This column is dedicated to freakish facts about authors and books. Horla readers are invited to share literary oddities from the worlds of horror & the supernatural. Titbits of a peculiar, incongruous and humorous nature – ‘coffee house curiosities’ you might call them – are the sort of morsel savoured by our connoisseur of such snippets, Jeremy Strange.

Send yours via our Letters portal (see tabs), marked ‘Jeremy Strange’. You must indicate a verifiable credible source. If published, we shall attach your name (or pen name). Send nothing that might expose any living person to hatred, ridicule or contempt. The departed, however, are a different matter (as far as the laws of libel are concerned)… usually.



Arthur Machen struggled to find a publisher for his decadent masterpiece The Hill of Dreams. It first appeared in the improbable pages of Horlicks’ Magazine, which was put out by the proprietor of the malted milk drink company, where it ran from July to December 1904. It wasn’t published in book form until 1907 when Grant Richards took it on, ten years after Richards had first rejected it. Machen’s biographer Mark Valentine has observed of the serialisation by homely Horlicks: ‘… what the readers made of it would be well worth knowing.’

This titbit was supplied by ‘Mr Henry Wood‘. Source: Arthur Machen by Mark Valentine, Borderlines / Seren, Bridgend, 1995.




Machen’s serialisation by Horlicks (a brand best-known as a bed-time beverage) owed much to the fact that the magazine was edited by his friend A.E. Waite, an American-born scholar/mystic who wrote extensively on the occult and esoteric subjects (and who, like Machen, was a member of the Order of the Golden Dawn). Waite is perhaps best known as co-creator of the Rider-Waite deck of tarot cards and as author of its companion volume The Key to the Tarot. Rather like Machen’s novel, a somewhat improbable seeming association for Horlicks’ Magazine.

This gossip was gratefully received from Clare Ramsey. Source: Valentine biography.




In his young adulthood and undergraduate years Graham Greene was addicted to Russian roulette, which he secretly ‘played’ with a revolver (belonging to his brother) on Berkhamstead Common, near the family home, in Hertfordshire, England. Not an activity endorsed by Horla. ‘… looking down at the chamber I could see that the charge had moved into place. I was out by one. I remember an extraordinary sense of jubilation. It was as if a light had been turned on… I felt that life contained an infinite number of possibilities.’ Greene ceased the practice when the ‘jubilation’ gave way to a (much less valuable) mere kick of excitement. 

I was fed this morsel by M.J. Allen. Source: The Lost Childhood by Graham Greene, Eyre and Spottiswoode, London, 1951.




Greene was deeply interested in dreams, particularly in what he considered to be their influential role in the creative process. He chronicled his own, which were highly fantastic. In one, the poet W.H. Auden (left) led a gang of guerilla fighters against Greene and ally Evelyn Waugh. Waugh shot Auden and Green followed up by stabbing the poet in the side with a kitchen knife: ‘… he seemed unhurt by my blow and began a literary discussion…’ Greene said in an autobiography: ‘There is a splinter of ice in the heart of a writer.’  Do any authors today make such utterances (in public)? Enlighten me.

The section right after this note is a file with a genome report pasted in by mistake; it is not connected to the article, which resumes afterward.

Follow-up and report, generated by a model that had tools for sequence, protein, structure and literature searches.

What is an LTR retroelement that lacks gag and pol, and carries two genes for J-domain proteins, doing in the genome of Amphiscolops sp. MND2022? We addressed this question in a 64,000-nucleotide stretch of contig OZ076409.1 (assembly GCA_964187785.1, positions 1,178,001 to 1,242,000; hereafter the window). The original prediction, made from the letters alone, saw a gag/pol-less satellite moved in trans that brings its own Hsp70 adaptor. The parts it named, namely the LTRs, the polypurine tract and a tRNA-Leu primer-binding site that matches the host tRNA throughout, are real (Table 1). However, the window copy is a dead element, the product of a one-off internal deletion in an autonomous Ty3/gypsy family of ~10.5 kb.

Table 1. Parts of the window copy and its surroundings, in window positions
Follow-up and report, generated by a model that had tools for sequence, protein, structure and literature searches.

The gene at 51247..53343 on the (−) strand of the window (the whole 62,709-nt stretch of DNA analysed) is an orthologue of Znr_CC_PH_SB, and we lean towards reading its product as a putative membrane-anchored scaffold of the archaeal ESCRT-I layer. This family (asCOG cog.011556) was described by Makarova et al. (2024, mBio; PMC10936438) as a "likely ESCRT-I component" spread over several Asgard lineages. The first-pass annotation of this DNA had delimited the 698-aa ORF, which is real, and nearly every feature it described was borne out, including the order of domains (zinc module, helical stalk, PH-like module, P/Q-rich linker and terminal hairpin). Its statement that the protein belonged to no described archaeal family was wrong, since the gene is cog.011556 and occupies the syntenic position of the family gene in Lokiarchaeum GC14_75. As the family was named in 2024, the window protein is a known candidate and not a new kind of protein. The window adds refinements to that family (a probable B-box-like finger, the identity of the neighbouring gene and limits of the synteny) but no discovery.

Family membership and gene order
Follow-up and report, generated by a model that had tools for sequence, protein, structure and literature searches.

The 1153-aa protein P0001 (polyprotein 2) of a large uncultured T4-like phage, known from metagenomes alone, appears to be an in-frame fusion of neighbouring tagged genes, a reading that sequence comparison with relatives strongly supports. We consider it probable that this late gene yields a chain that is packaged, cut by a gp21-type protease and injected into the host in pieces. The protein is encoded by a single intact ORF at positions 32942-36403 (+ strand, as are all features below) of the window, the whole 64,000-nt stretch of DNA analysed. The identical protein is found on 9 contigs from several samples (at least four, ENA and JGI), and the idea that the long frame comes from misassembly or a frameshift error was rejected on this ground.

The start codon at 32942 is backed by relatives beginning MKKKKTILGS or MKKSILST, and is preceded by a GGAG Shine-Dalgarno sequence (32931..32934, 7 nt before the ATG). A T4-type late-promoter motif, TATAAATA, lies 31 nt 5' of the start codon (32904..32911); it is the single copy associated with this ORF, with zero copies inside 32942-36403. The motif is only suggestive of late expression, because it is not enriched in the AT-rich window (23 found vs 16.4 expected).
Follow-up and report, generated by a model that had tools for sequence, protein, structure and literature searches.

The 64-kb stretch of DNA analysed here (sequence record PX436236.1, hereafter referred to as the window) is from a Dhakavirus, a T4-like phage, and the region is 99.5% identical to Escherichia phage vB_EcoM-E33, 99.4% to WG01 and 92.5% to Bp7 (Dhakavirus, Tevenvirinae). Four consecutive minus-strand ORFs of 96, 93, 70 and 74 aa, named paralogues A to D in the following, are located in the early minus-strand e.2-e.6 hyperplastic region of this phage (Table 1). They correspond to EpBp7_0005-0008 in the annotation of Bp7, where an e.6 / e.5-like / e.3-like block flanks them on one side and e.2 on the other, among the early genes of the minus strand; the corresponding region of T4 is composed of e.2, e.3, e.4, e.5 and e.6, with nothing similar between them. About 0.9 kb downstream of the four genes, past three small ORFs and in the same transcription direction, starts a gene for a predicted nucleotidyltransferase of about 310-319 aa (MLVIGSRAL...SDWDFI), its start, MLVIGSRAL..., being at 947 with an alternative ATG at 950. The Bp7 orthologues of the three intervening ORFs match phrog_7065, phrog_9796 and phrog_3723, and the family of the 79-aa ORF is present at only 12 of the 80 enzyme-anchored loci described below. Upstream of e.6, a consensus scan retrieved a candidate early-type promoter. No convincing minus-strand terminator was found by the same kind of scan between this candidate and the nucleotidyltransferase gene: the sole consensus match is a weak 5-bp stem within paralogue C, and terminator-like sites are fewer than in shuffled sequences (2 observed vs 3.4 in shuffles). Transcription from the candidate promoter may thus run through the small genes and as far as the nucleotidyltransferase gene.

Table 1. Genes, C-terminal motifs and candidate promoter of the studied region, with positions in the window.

These snippets were submitted by ‘The Last King of Scotland’. Sources: A Sort of Life, Bodley Head, London, 1971, and A World of My Own, Reinhardt / Viking, London, 1992 (both written by Graham Greene).




When once laid-up sick in bed as a child in St Petersburg (the family house is pictured, left) Vladimir Nabokov remotely envisioned – with, he said later, great clarity – his mother buying a gift for him on a shopping trip. She purchased a pencil from a stationer’s, a footman being called upon to carry it to her carriage. Nabokov, who could perhaps fill this and every other column, described being affected throughout his life by photisms inside his eyelids, praedormitary visions and hypnagogic mirages, one being of ‘a coarse-featured and florid dwarf’.  

Supplied to me by Dominic Kildare. Source: Speak, Memory by Vladimir Nabokov, Weidenfeld and Nicolson, London, 1967




And finally for now, permit me to take you inside the home of Nabokov’s fellow Russian Maxim Gorky, which, surprisingly for a writer so associated, at least in his final years, with Jozef Stalin, is a startling place brimming with decor and design of the Art Nouveau period. Gorky was given Ryabushinsky Mansion on returning to Moscow in 1932. It was designed in 1900 by Fyodor Schechtel for the wealthy Ryabushinsky family. Its rather rakish interior – some difficult dusting there, to be sure – seems at odds with the intense Gorky,  a Marxist anti-Tsarist who fell out with Lenin. There is no record of Maxim Gorky having been a member of the Order of the Golden Dawn. But one suspects that Machen, Waite, Aleister Crowley and co would have been ‘wowed’ by the Ryabushinsky Mansion.

The snaps below were passed to me by caller at the Ryabushinsky Mansion, Matthew G. Rees (not, in case you may think, on a bench in Gorky Park) copyright Horla.

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